The interesting question as we start 2007 is whether, after four very good years in a row, our stock market can deliver yet another double digit return in the coming months? The good news is that we believe the answer is “yes” and that the year ahead can produce 10%-15% returns. However, as with our note of caution last year, the road will once again be rough, meaning we are very likely to have more day-to-day and week-to-week volatility. From a historical perspective the average monthly change in the S&P 500 for the last 36 months was 1.87%, whereas, since 1950 over 90% of the months have shown larger price fluctuations. The first two quarters of this year are likely to tread water, as the key question for the year is just slightly different than last year, namely, “When will the Fed ease and by how much?” As we read the economy at the beginning of this year, we continue to feel that the mid-cycle slowdown is the high probability outcome without recession and without re-acceleration of inflation. However, the market will be upset by any data that says the economy is growing too fast or that inflation is in the 2.5%-3% range because that kind of data will absolutely postpone any Fed easing. We expect the market to be more volatile this year, and the substantial upside for the broad market to be limited until the majority of investors can confidently anticipate the Fed Funds rate down 50 basis points at 4.75% (or maybe even 4.5%), and the ten-year Treasury note at 4%-4.25%, with inflation at no more than 2% and stable. We are optimistic that double digit gains are achievable in the market later in 2007, if our forecast plays out as described, and those gains will be able to carry over into an equally volatile but upward trending election year. Another factor that will undoubtedly add to volatility is that this next two-year presidential election cycle will be fairly rare (last time 1952) as this will be a lame duck Republican Party with no Vice President seeking nomination. With both parties believing they can win both houses and the Presidency, the political environment will be hard for the market to ignore and add to the uneven ride we expect.

We thought it might be worth weighing in on the status of the housing bubble that permeated everyone’s conversation for the past four years, and now seems to be more a source of concern as to whether we are still at the early stage or the end of this housing correction. We believe that the “end of the world” housing collapse scenario was not real, but that there were several regional corrections where housing speculation got out of control on the upside and were due for a sell off. Places like Naples, Florida, many coastal towns in Southern California, the states of Nevada and Arizona, and some Northeastern communities witnessed a “cleansing decline” in home prices over the past twelve months. It is important to note that there are many cities around the country that had no bubble and therefore, prices have been stable. No doubt the final year-end numbers will show that housing prices probably posted their first annual decline on record, but from heights that were unrealistic, and born of rampant speculation. Recent evidence that housing is close to a bottom is supported by various housing indices and by homebuilder surveys with mortgage applications actually up in some regions. Housing starts bottom when housing inventory is at a peak and current data suggest that inventory may have peaked in the fourth quarter in many regions, and is likely to peak in the worst cities by early summer. Interest rates on fixed-rate 30-year mortgages have declined to around 6% and builders have sold off speculative land they were holding and slashed housing starts in most of the previously hot areas. Since this bubble cycle was much bigger and longer than anything we have ever experienced, it is reasonable to expect that residential sales will level out and bottom this spring and that prices will stop declining in the most overheated markets this summer. The caveat, of course, is that if you were one of the unfortunate ones who bought the last high priced spec house in Naples, your punishment will be harsher and longer than the buyer in Houston, Texas.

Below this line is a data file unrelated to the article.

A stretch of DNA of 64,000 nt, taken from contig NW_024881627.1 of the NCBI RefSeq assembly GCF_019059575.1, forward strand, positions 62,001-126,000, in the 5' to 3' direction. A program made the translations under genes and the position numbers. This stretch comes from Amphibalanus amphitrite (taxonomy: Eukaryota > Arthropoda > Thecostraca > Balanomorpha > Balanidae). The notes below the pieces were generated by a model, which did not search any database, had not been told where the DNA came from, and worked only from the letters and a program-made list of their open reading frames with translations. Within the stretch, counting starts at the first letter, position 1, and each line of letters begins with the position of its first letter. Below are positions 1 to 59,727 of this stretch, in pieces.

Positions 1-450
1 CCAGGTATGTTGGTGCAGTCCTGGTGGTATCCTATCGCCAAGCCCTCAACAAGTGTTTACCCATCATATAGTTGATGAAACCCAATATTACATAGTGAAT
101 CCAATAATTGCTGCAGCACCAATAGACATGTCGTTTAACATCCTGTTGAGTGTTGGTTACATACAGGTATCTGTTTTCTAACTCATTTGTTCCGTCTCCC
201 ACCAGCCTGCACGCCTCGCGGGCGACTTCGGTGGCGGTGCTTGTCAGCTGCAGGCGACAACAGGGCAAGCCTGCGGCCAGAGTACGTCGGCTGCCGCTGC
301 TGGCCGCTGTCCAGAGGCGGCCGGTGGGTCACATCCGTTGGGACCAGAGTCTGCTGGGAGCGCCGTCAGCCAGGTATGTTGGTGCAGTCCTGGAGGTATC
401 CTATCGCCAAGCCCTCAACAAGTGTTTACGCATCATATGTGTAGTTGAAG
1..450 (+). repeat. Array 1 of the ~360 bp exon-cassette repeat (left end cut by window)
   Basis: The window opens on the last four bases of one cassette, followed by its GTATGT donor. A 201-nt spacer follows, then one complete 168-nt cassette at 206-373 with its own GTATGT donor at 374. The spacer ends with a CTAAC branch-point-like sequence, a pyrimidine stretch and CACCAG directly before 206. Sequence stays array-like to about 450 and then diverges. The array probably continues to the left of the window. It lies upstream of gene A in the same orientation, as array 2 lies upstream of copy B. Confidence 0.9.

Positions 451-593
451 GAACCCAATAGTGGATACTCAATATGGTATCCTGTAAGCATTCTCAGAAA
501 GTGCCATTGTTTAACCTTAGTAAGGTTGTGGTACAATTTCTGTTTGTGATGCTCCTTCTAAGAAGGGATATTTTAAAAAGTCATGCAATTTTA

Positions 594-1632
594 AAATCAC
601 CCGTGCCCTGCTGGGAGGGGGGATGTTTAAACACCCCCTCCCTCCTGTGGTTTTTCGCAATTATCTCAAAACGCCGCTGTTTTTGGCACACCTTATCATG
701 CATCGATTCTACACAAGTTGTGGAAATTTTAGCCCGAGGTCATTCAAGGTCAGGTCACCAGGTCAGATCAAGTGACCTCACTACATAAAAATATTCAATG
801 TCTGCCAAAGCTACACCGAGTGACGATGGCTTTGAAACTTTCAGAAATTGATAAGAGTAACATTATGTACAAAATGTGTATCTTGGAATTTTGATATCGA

We welcome any questions you might have at any time. Thank you for your continued support.

Thank you for your continued support.


Todd Robbins Lee Garcia CFA

* Results are unaudited.


This letter is not meant as a general guide to investing, or as a source of any specific investment recommendation, and makes no implied or express recommendation concerning the manner in which any client’s accounts should or would be handled as appropriate investment decisions depend upon the client’s investment objectives. Any offer to sell or the solicitation of an offer to buy any interests in any securities may be made only by means of delivery of a Five Mile River Investment Management Agreement and or other similar materials which contain a description of the material terms and various considerations and risk factors relating to such securities or fund. Different types of investments and/or investment strategies involve varying levels of risk, and there can be no assurance that any specific investment or investment strategy will be either suitable or profitable for a client’s or prospective client’s portfolio, and there can be no assurance that investors will not incur losses.